Two men currently serving 20-year jail sentences forf murdering a prominent Cambodian union leader are innocent, a witness said in a statement obtained yesterday.
Va Sothy -- the former owner of a newsstand where union leader Chea Vichea was gunned down in 2004 -- said in her first signed statement that the men convicted of the murder by a court in August last year were "fakes" produced by the Cambodian police.
Va Sothy has left Cambodia, saying she feared for her life.
Chea Vichea was an outspoken critic of government corruption and human rights abuses and the former head of Cambodia's Free Trade Union of Workers.
Critics, including retired King Norodom Sihanouk, have condemned the guilty verdicts against Born Samnang and Sok Sam Oeun, saying they were scapegoats.
"The condemnation handed down on them is such a great injustice and unacceptable to humanity," Va Sothy said a four-page handwritten Cambodian-language statement obtained by reporters from a local newspaper.
Not the real killers
She urged the courts to release the men "because they are not the real killers."
When asked about her claim that police had used the two men as scapegoats, police Lieutenant General Khieu Sopheak, spokesman for the Interior Ministry which oversees the police force, declined to comment and only said "the matter is now in the hands of the court."
Va Sothy's statement was dated Aug. 10 and notarized the same day by Nol Sughondhabirom, a Thai lawyer at Kanung & Partners Law Offices.
Va Sothy, 39, said she wrote the statement during her stay in Bangkok, Thailand, where she was seeking asylum in a third country under UN refugee status.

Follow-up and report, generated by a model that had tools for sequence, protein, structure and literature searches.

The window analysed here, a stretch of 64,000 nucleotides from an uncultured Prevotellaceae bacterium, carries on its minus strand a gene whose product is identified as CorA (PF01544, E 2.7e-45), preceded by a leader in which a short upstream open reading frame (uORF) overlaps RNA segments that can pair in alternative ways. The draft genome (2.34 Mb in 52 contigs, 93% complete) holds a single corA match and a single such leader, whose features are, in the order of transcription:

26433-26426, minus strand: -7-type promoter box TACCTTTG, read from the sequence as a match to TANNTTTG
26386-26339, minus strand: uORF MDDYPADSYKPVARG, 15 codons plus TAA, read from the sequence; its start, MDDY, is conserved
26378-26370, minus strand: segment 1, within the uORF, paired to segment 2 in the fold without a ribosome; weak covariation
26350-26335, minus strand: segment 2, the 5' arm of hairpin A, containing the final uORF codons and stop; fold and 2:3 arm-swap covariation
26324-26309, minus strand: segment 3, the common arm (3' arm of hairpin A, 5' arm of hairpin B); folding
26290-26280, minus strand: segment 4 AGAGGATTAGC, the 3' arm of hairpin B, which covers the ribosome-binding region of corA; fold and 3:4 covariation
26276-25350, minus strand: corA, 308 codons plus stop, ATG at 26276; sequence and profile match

She said she regretted having to flee her country but that "if I continued to live in Cambodia, I might be dead without having the chance to disclose the truth about the murder."
Va Sothy, 39, said the real perpetrator spent about 20 minutes hanging around her newsstand before pulling out his gun and shooting Chea Vichea three times at close range.
The alleged assassin was a man about 1.6m tall and 27-30 years of age, she said, adding he acted cautiously while pretending to read her newspapers.
Up close and personal
"I observed he was regularly glancing at me and Chea Vichea. Suddenly, he walked to stand in front of me, his face turning toward Chea Vichea," she said.
"I heard a loud noise of gunfire three times just next to me, and Chea Vichea was beginning to drop to the ground. I also saw a black gun in that man's hand," she said.
The killer then put his gun into his pants' pocket and walked away composedly, she said.
The document is a "new weapon" that defense lawyers for the two convicted men will use at an upcoming appeal hearing, said Sok Sam Oeun, director of Cambodian Defenders Project, a nonprofit group providing legal aid to poor Cambodians. He is not related to the other Sok Sam Oeun, one of the two convicts.
He said Va Sothy prepared the statement just days before she left for resettlement in an unknown country.
He declined to reveal the name of the country "because she is scared of the real perpetrator."
He said his group has already submitted the evidence to the Appeals Court. A panel of judges is to rule on the evidence during a hearing scheduled for Saturday.
Va Sothy said about a month after the incident the killer returned to her store and asked her "What newspapers are out today?"